This feature first appeared in the Winter 2020 issue of Certification Magazine. Click here to get your own print or digital copy.
Yeah, I guess I'm old. I've worked in the information technology (IT) industry since 1997, which means I've been at it for more than 20 years. It seems like only yesterday that I was a wet-behind-the-ears newbie with idealistic visions of how IT worked in the real world.
Not everything I've learned in going on three decades is directly related to technology. I could talk for hours about the evolution of the public cloud or the future prospects of Windows Server. Knowledge is important. You also need so-called soft skills, however — especially good communication skills — to thrive in IT. Almost as much you need to understand technology itself. Yes, it's that important.
Communication skills have been, for me, a double-edged sword. On one hand, my ability to communicate clearly has led to my career blossoming beyond my wildest expectations. This year I presented three sessions at the Microsoft Ignite conference. That was unthinkable to me during the first years of my career.
On the other hand, my willingness and ability to express how I feel in precise detail has also resulted in a couple of RGEs — resume-generating events —none of which were very fun for my family or me at the time. A key subset of the ability to communicate effectively is knowing when not to communicate at all.
I have come to understand quite a lot about communicating effectively that could probably help novices and newcomers who are just diving into the sink-or-swim waters of a professional IT career. Bearing in mind that crystal clear communication can sometimes be a bombshell, I'd like to lead off with my most valuable tip.
Don't call or send e-mail in the heat of the moment
I get it: Someone else has approached you in a manner that seems rude, inappropriate, insulting, or demeaning. Maybe it's an e-mail or text. Maybe it's a post in a forum. Maybe it's a voice message that drips with contempt. Your first instinct, if you're anything like I am, is to strike back and strike hard, giving full vent to your overheated emotions.
Conversely, I invite you to consider your emotional reaction as the biggest reminder for you to pause, cool off, and definitely do not unleash that lethally barbed first response. Some of my friends write an e-mail that documents their immediate reaction, but commit to letting it simmer in the Drafts folder for at least 24 hours.
I prefer to cool off and reconsider what response, if any, is necessary. An old mentor of mine called this technique putting the I before the E. That is to say, putting intellect before emotion. Regardless of the mode of communication employed, I have consistently found that my best play is never to respond in the heat of the moment.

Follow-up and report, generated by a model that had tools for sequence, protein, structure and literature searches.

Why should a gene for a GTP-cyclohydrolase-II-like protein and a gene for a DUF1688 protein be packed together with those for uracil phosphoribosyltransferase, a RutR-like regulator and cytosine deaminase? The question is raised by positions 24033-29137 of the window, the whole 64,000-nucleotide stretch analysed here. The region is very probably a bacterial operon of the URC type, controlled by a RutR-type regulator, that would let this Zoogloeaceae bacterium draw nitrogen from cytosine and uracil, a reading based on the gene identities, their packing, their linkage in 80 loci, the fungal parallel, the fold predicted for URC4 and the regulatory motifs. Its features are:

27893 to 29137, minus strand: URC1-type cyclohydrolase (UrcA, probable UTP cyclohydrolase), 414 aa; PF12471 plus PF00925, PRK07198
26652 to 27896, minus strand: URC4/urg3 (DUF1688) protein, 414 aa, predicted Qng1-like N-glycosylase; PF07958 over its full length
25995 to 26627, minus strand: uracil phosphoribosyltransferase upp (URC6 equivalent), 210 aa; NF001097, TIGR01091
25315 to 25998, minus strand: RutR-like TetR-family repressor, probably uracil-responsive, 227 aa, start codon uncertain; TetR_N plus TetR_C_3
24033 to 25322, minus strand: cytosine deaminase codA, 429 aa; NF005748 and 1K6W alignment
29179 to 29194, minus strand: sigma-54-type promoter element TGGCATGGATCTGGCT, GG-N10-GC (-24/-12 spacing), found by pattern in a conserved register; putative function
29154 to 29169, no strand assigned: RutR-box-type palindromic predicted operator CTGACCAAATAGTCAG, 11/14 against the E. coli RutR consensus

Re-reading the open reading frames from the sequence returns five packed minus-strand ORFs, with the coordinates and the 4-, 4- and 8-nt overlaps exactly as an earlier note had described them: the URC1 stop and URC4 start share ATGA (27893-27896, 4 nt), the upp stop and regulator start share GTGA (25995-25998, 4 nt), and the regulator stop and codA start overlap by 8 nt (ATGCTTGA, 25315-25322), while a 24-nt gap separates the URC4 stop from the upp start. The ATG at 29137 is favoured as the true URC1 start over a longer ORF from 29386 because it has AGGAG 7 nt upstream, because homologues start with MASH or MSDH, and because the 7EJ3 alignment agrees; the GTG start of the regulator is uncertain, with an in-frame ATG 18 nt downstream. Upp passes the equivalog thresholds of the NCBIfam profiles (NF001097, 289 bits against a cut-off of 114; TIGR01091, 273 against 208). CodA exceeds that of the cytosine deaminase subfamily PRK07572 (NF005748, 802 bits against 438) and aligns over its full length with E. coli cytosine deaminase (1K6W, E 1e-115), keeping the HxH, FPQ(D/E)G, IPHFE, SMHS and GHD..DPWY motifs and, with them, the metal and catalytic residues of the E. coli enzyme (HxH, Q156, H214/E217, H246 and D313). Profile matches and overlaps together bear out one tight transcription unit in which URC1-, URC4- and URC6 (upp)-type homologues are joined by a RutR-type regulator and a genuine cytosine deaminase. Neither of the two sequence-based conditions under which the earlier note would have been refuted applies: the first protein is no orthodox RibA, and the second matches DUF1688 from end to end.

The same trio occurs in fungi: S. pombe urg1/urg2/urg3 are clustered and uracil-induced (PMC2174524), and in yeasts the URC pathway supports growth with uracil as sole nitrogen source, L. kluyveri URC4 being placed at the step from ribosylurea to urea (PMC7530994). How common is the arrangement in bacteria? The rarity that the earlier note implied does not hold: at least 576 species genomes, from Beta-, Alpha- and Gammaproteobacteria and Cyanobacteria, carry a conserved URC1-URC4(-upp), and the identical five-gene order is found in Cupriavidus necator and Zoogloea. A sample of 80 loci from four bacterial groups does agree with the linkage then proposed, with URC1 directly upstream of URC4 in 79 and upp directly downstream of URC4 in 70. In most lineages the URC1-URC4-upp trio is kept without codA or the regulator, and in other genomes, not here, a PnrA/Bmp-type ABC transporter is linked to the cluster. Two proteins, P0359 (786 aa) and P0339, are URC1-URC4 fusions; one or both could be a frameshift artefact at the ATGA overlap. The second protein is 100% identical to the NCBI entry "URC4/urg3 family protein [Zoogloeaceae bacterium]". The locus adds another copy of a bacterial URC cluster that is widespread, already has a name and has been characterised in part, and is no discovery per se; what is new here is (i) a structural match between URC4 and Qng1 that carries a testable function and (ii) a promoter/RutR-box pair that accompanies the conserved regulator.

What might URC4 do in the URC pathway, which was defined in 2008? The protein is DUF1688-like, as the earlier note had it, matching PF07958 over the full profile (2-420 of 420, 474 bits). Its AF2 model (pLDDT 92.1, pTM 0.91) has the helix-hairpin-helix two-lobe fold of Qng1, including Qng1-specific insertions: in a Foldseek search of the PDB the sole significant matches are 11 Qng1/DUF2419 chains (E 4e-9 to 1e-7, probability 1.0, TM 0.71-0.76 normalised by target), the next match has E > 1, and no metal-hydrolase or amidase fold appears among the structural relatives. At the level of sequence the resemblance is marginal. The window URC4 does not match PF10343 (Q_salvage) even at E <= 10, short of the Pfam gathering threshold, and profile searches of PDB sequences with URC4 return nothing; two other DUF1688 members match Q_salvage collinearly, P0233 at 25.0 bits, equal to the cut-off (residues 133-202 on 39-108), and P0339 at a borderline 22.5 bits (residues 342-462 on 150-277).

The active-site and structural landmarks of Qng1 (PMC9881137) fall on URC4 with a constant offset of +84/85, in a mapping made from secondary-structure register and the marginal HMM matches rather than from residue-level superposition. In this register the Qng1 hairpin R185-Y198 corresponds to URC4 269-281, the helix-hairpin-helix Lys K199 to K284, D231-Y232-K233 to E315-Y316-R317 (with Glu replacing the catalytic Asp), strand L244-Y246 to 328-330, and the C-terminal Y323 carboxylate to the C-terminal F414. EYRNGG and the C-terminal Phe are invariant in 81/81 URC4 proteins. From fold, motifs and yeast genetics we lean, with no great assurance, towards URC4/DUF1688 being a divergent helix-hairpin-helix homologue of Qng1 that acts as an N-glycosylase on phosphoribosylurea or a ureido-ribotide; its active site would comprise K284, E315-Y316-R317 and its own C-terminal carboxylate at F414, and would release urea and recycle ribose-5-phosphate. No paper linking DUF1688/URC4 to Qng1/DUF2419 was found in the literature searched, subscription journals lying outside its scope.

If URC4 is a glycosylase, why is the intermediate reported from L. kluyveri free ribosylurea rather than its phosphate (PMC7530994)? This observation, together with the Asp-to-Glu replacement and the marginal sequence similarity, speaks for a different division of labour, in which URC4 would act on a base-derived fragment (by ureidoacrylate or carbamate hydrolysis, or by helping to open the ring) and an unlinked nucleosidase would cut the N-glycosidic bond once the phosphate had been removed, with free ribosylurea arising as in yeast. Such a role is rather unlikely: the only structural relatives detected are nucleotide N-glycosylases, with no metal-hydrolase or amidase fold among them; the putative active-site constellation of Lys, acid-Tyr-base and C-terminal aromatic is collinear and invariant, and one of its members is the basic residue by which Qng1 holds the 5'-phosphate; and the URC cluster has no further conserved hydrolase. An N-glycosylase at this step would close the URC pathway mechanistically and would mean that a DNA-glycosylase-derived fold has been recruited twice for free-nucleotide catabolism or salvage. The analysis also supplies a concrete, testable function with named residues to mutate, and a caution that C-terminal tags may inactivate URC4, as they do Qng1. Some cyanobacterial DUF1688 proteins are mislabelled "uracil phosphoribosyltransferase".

Instead, I take some time out, do some deep breathing, and wait for that flush of indignation to subside. After I've done whatever is needed to calm down and think things through, my response is much more likely to be polite, appropriate, and ultimately meaningful.
If you don't ask, you won't receive
Just a few days ago, the thought occurred to me: I really respect [name of person] in the industry. I wonder if we could collaborate on something? I'm not going to reveal who I was thinking about, of course, so roll with me on this.
I spent some time pondering what I wanted to accomplish, and then wrote the individual in question a polite introductory e-mail via LinkedIn. Wouldn't you know it — my respected peer responded positively, and we are now working on business together!
Frankly, most professional engagements I've been a part of never would have happened if I didn't have the courage and initiative to speak up and ask. As my mom used to tell me when I was a boy, Timmy, if you don't ask, you won't get it.
I've always liked the old aphorism Courage isn't action without fear. Courage is action in spite of fear. I never let the supposed intimidation factor prevent me from asking (politely and honestly) another person to fulfill my request. What's the worst thing that can happen? Whoever it is you're asking says no — that's acceptable!
Don't bury the lead
One of my biggest professional pet peeves is receiving communications from people who don't get to the point. For example, I received a LinkedIn request from a fellow IT professional in which he complimented me on my work and asked me out to lunch to talk shop.